Step into a Texas Roadhouse restaurant, and you’ll immediately notice that they are nuts for peanuts. With peanut shells scattered about the main dining area, you’d be forgiven for mistaking their restaurants for a ballpark stadium instead of a steak house. Complimentary in-shell peanuts on every table are a signature part of their brand identity. But they also serve as a source of pride for the company, and a reflection of their humble values.
“We’re known for what we call, ‘legendary food, legendary service,’ but you will always hear people say ‘oh, the peanut place!’” said Travis Doster, Senior Director of Public and Government Relations for Texas Roadhouse. He is an Arkansas native who is informally known around the office as the peanut guy. His thick accent, and low, measured tone belies his sincere admiration and enthusiasm for peanuts, which is most apparent in the peanut-filled table lamp on his desk. But his humble character fits perfectly with the company’s values.
Founded in 1993, Texas Roadhouse was the brainchild of Kent Taylor, a seasoned restaurant operator who wanted a concept of his own that he could take pride in. “His dream was very simple,” said Doster. “He said, ‘I want 10 restaurants and to be able to own a house.’” At the time he opened his first location, Taylor was living in his parents’ basement. Today, he is the CEO and Chairman of the Board, and they currently have 490 locations in 49 states.
As an operator, Taylor was frustrated by the corporate limitations that prevented him from making and serving food from scratch. “He tried to make better food from scratch, like homemade soup and he was always told no,” said Doster. “So he said, ‘I want a company where I’m proud to serve the food, but also to regular people at a great price.’”
Peanuts Bring Hospitality to the Table
Indeed, his no-fuss, high-quality approach to food means everything from the croutons to the sides are made from scratch, and sold at affordable prices. “We’re very reluctant to take on pricing each year because [Taylor] wants it to be that everyday value,” said Doster. As part of that value, Taylor made it a point to offer a complimentary snack to show their hospitality and set the standard for their dining experience.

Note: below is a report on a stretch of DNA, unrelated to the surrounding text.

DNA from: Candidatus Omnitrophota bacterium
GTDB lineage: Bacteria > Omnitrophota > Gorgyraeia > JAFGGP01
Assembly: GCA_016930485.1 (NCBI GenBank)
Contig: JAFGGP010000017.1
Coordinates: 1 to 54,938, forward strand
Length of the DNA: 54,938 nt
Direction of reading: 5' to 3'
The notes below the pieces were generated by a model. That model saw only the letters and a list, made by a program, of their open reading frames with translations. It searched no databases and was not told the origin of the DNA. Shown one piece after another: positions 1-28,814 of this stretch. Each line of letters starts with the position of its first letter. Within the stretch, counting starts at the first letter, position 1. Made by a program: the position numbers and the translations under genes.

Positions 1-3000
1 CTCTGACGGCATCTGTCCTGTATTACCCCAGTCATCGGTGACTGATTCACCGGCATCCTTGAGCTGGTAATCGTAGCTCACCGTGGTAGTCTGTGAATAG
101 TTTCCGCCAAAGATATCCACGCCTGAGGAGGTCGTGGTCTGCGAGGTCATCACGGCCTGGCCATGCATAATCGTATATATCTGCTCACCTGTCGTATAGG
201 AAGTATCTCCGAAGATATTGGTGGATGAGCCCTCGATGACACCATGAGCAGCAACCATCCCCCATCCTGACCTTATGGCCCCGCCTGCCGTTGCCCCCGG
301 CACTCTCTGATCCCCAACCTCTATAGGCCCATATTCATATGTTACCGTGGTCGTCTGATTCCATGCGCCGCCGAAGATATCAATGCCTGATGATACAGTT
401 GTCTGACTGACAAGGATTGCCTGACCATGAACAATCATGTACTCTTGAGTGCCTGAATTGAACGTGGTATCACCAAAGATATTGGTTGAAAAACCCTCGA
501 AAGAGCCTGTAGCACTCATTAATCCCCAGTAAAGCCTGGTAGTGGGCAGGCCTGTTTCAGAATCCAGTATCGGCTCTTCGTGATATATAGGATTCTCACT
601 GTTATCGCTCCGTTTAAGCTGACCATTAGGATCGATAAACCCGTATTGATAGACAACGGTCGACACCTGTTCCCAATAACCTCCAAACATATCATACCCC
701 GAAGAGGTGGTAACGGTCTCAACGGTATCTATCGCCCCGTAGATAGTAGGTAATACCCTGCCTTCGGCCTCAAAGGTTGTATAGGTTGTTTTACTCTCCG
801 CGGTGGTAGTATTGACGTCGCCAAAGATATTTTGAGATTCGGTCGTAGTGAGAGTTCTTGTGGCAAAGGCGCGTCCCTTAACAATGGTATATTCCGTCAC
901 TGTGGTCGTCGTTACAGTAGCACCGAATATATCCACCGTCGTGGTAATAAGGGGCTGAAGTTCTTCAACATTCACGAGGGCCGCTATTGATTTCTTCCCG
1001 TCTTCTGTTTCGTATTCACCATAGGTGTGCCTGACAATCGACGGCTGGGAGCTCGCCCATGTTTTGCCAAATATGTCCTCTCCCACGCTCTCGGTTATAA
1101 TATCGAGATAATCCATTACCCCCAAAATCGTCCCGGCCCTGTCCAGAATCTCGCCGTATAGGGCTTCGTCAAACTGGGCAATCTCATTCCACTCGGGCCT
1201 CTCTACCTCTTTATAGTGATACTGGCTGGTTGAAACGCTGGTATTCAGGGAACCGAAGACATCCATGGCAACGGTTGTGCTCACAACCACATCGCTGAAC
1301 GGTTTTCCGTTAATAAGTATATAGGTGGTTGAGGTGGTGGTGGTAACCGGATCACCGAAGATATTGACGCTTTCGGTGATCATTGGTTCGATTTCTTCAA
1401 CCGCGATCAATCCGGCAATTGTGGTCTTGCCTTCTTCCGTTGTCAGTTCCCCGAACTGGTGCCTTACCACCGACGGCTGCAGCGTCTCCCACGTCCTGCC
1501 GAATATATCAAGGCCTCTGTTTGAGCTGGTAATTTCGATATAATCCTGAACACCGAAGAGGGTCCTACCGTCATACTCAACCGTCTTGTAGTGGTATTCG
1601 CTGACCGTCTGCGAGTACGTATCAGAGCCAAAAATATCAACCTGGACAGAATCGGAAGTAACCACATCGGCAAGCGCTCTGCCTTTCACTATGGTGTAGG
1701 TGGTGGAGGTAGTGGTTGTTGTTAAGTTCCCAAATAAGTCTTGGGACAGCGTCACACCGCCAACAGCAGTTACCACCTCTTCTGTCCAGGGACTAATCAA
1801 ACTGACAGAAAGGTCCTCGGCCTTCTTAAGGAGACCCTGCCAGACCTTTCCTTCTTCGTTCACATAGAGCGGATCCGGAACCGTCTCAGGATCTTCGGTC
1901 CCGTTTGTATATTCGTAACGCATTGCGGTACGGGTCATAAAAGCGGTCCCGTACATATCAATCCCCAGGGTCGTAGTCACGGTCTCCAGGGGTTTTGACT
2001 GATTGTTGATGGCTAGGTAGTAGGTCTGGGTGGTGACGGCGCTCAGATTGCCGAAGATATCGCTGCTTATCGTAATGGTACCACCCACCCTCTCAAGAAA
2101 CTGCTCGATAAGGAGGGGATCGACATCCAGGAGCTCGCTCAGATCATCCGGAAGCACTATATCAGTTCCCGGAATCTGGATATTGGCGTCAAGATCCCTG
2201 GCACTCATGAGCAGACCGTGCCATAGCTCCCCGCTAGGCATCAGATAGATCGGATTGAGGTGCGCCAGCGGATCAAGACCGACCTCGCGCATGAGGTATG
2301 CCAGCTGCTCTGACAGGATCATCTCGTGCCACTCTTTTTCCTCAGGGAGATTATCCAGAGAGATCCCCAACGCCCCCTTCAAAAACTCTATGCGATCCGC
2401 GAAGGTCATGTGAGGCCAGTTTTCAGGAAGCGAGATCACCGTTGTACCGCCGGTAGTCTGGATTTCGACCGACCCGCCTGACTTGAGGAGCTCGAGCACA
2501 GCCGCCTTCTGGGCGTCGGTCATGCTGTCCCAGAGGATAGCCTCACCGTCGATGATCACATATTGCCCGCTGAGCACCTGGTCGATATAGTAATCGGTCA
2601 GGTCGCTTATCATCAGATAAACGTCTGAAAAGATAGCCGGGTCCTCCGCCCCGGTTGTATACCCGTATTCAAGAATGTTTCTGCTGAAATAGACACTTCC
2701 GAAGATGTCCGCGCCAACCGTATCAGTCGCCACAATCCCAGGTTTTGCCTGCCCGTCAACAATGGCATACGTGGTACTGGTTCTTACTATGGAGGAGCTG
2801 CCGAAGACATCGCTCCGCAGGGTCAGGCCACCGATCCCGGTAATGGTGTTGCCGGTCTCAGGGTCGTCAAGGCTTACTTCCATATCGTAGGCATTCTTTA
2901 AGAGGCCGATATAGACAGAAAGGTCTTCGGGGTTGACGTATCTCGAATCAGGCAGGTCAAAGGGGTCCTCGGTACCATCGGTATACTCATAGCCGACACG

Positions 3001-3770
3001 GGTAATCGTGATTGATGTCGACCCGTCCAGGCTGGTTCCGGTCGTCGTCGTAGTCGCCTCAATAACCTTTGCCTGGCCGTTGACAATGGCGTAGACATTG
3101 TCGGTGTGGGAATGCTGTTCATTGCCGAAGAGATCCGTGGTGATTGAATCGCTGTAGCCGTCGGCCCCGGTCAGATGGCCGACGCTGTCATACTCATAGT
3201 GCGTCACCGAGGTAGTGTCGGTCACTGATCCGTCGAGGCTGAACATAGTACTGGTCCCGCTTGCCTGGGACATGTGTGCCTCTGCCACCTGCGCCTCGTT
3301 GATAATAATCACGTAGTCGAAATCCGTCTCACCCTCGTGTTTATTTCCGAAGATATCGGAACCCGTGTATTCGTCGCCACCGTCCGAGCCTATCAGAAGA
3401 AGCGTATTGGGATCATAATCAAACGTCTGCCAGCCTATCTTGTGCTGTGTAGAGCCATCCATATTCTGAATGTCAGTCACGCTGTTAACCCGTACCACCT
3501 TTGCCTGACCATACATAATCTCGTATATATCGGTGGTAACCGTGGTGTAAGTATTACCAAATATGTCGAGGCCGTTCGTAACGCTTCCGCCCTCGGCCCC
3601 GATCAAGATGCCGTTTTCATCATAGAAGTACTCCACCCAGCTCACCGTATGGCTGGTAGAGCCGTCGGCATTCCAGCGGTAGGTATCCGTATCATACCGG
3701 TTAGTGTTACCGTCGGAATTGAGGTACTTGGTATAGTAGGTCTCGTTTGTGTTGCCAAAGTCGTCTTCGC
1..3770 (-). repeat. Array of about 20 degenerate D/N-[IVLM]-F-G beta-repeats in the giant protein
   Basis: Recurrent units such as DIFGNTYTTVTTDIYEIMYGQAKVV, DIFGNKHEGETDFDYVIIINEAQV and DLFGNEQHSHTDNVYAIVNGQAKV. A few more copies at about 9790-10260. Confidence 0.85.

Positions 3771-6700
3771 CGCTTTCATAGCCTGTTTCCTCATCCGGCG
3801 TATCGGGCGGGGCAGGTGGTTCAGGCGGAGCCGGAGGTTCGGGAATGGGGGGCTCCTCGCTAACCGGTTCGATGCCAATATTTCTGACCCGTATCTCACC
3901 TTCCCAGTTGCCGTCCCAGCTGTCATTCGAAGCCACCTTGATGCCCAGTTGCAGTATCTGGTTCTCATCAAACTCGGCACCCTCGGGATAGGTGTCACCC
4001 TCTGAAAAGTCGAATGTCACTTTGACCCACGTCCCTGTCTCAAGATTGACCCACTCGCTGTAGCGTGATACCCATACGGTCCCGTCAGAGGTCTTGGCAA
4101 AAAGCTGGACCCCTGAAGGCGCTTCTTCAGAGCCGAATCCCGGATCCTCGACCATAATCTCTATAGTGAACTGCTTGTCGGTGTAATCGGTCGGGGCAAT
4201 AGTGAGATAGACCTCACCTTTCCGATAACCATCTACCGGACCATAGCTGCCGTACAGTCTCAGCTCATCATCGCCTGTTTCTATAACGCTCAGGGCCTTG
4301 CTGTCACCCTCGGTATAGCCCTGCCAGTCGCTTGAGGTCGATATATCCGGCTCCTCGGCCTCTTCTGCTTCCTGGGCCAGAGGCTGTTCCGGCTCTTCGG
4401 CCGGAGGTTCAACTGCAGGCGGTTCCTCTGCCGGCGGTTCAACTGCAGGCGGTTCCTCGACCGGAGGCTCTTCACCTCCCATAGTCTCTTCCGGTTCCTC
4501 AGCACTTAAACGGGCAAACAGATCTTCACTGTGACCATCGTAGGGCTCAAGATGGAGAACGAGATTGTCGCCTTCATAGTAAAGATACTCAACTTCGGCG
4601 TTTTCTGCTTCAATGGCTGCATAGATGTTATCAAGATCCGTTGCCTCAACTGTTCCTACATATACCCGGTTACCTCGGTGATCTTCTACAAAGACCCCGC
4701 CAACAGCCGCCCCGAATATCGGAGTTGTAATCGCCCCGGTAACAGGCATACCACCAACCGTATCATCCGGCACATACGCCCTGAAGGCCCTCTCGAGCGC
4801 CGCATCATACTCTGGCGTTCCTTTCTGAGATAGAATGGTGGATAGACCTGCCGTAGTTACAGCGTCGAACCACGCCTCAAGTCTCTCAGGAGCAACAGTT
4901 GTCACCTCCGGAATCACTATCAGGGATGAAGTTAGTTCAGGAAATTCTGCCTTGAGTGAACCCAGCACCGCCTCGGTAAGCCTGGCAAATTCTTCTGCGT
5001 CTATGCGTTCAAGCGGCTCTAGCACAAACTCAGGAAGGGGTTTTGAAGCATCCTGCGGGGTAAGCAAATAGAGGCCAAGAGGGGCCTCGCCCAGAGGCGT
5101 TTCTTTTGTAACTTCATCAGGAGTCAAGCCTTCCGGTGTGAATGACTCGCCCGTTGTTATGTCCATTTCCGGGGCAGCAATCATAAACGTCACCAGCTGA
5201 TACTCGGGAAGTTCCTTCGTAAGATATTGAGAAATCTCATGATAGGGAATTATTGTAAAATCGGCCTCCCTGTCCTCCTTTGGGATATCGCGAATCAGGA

“He originally thought about popcorn, believe it or not,” said Doster. After realizing that popcorn overpowered the smell of freshly baked bread which is also complimentary, they decided on a different snack. “So the idea of peanuts was born,” said Doster. “And the idea of peanuts and bread was to immediately give folks, especially families with their kids, something to eat.”
The complimentary snacks are now a signature part of the Texas Roadhouse brand. According to Doster, the company spent over $20 million last year on peanuts and bread, and purchased over 10 million pounds of peanuts. The value gained is apparent with the brand recognition.
In fact, the peanuts have become such an important part of the company identity that they are now selling seven-ounce branded bags of them at sports stadiums across the country. The cases of peanuts are even part of the décor in their restaurants, and they’ve recently created peanut characters for their holiday gift cards and decorations. Their support center has a museum with a giant peanut bucket, and Doster said they’re looking at placing a rotating peanut bucket on top of their building.
Value for the Community and Families
But the peanuts are more than just branding or novelty. As Doster sees it, peanuts are an honest reflection of the values of the company, and they extend that into their local communities. “A lot of things our stores will do is send out cases of peanuts,” said Doster. “I just sent out five cases to a school to try to raise money for a field trip. So that’s cool that we can use peanuts too for the community to try to raise money.”
Inside the restaurants, Doster sees peanuts as a shareable snack that subconsciously brings people together. “I know from my kids, that’s the first thing they do is dump a bunch of them on the table and crack ’em,” said Doster. “You’ve got to eat peanuts with two hands so you’re not on your phone while cracking them. I mean, I just think it brings the family a little closer together.”
It’s an affectionate thought to see peanuts as having added value as a unifying piece of a family meal. But that’s exactly the priceless value that he and the company sees in peanuts. That’s also why he can take pride in being dubbed the peanut guy, and why Texas Roadhouse is proud to be referred to as the peanut place.